Because I Have Been Given Much

We today announce THE NEXT STEP in helping our dearly struggling brothers and sisters in Haiti. Our responsibility to give succor is far from finished.

For over two hundred years, much has been written worldwide about the American Spirit. It is not found in government but in America’s people. That’s you and me. The freedoms with which we are blessed with in this divinely inspired nation allows you and me to make a difference, to act independently, to give our ourselves and our money, to bless the lives of total strangers.

For many, religious faith is central. For others, it may be the inherent goodness that has come to be a hallmark of America’s people.

Today we announce an extraordinary nationwide citizen initiative – citizens, not government – to build the American Hospital of Haiti.

Today we announce the formation of a new non-profit IRS 501(c)3 tax-exempt charitable organization called Americans Helping Haiti – and a new website www.GiftHaiti.org where starting tomorrow (Saturday) you can contribute.

This is huge – there is nothing like it! And you are a key part of the team that will make it happen!

No contribution is too small; no contribution is too large. But each of us has something we can spare. Tomorrow please go to www.GiftHaiti.org and become part of this great American effort. Email, text or Twitter your friends, contact your Facebook pals, and invite them as citizens to also give. Imagine if each of us had 50 friends donate 50 dollars – we will be able to begin construction on time!

$50 dollars or more – that’s not very much to save lives. No amount is too small, no amount to kind. We all know lots of people – in our wards, our neighborhoods, our professions, our schools, our social network. Not one of them wants to be left out!

Many of you keep asking “What can I do?” Here is something very specific you can do right now: Ask fifty of your friends to donate fifty dollars. Of course, many of your friends can and will donate much more. Every time I speak at a fireside about our Haiti trip, people are asking how they can help – you’re having the same experience.

To design, build, and operate a hospital is no small task. This is an enormous and costly undertaking – but we can do it!

We have already engaged architectural experts who are working on the hospital design. It will be one story high, and have 130 beds – because there were 130 of you involved in the Utah Hospital Task Force!! We do this much in your honor! There will also be lodging, skills training, and community health education components – more later on that.

Each of us treated a patient like Bela, a beautiful 14-year old girl some of us met. Her mother, her father, her five siblings were all killed in the earthquake. The family home was destroyed. She has no food. We met Bela as she lay in a hospital bed, her left foot and right hand amputated. The last time we saw Bela was as she was wheeled to the curb and discharged from the hospital – set on the street to fend for herself. Not yet healed, no crutches, no family, no shelter, no food, no medicine – Bela left to find her own way. There is not a day passes but I don’t think about Bela, and wonder – and know that our special responsibility has not ended.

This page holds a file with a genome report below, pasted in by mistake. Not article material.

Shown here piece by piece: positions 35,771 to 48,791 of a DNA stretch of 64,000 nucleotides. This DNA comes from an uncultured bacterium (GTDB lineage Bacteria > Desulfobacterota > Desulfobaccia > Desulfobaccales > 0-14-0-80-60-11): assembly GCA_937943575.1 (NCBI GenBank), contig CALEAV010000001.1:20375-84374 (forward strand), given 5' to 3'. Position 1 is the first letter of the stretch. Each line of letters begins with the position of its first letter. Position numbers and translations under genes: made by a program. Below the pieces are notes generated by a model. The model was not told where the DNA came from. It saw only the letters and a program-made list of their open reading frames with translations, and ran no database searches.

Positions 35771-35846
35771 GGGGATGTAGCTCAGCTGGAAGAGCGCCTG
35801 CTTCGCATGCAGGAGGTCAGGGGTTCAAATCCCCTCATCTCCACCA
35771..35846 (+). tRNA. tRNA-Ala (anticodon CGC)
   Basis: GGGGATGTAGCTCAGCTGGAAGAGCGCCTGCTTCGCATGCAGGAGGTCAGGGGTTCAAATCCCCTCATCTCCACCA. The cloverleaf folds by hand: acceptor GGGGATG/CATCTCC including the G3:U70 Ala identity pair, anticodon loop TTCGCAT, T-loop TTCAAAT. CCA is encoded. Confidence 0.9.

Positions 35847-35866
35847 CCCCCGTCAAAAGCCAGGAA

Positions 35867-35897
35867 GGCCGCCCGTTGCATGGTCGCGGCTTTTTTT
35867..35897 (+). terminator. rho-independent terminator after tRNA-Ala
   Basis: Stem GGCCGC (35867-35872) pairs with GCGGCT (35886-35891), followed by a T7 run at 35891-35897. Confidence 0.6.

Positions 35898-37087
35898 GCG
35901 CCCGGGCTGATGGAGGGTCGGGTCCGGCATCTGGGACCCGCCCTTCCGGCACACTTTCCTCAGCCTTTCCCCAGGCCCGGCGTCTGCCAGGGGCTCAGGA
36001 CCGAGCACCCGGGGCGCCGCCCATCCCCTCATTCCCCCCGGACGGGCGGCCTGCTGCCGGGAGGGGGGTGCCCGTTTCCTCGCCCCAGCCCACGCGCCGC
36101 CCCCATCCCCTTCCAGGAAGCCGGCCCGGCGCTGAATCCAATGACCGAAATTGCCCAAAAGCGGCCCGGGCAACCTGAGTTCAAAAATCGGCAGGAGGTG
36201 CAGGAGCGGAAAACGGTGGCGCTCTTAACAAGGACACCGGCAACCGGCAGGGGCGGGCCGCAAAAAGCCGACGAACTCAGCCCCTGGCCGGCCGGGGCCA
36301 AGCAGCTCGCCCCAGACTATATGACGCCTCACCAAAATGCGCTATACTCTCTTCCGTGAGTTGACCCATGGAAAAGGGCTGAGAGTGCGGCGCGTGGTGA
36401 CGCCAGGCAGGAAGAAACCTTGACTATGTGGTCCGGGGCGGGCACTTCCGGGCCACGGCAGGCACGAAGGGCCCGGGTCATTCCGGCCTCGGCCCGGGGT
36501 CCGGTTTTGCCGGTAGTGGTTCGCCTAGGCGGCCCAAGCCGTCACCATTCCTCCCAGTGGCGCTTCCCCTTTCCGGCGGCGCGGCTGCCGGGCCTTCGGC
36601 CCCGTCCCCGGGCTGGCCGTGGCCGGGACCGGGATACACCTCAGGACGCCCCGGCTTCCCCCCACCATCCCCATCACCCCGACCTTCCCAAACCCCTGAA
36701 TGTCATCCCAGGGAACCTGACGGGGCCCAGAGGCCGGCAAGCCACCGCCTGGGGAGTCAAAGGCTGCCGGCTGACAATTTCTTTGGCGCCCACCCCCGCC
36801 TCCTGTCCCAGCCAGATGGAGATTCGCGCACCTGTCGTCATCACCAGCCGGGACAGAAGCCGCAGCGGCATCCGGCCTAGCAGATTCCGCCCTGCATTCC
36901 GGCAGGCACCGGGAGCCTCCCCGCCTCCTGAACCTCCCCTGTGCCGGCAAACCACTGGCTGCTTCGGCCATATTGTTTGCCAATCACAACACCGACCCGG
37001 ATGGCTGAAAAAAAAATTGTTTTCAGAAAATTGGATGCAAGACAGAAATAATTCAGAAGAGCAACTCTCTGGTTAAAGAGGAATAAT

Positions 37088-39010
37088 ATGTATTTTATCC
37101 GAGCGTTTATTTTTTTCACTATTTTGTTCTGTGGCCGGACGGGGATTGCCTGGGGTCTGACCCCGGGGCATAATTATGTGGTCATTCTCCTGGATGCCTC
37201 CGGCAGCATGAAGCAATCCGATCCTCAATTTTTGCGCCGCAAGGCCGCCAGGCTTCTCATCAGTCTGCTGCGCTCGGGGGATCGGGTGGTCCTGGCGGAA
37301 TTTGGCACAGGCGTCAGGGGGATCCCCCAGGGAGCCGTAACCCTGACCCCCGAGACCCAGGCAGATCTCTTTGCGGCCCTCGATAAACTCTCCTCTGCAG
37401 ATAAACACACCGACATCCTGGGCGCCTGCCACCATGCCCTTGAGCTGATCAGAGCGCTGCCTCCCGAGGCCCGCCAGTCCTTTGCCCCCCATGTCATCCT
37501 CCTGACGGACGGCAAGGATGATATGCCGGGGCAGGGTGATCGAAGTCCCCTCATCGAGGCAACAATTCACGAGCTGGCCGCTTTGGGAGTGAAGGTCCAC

For Bela and well over a million others like her, we must do this. We MUST – because we have been given much.

Funds will be used to construct and operate a desperately needed new hospital in Haiti. We anticipate construction will begin in June – that’s just three short months away – and we are working to open the hospital to patient care on January 12, 2011, the one year anniversary of the most destructive earthquake in modern history. So we must move very expeditiously – we have no time to spare.

My personal hope is that on January 12, 2011 – every one of the original hospital team will again be together in Haiti, this time to celebrate the inaugural of the American Hospital of Haiti!
Together – as citizens – and maybe with a few of our generous Canadian friends too – we will build the AMERICAN HOSPITAL OF HAITI. Tomorrow go to www.GiftHaiti.org and get this ball rolling!
Our brothers and sisters in Haiti are experiencing incomprehensible suffering in what one U.N. official termed the worst human catastrophe in recorded history. Though the earthquake terror is now mostly over, the awful fear, the horrifying memories, the injuries and sickness remain, and a future marked by acute unemployment, homelessness, and disease lie ahead. With determination, compassion, unity, and a respect for the dignity of every Haitian, through our personal generosity and by enlisting your friends – we together will bless those in Haiti who are hurt, homeless, sick, and hungry.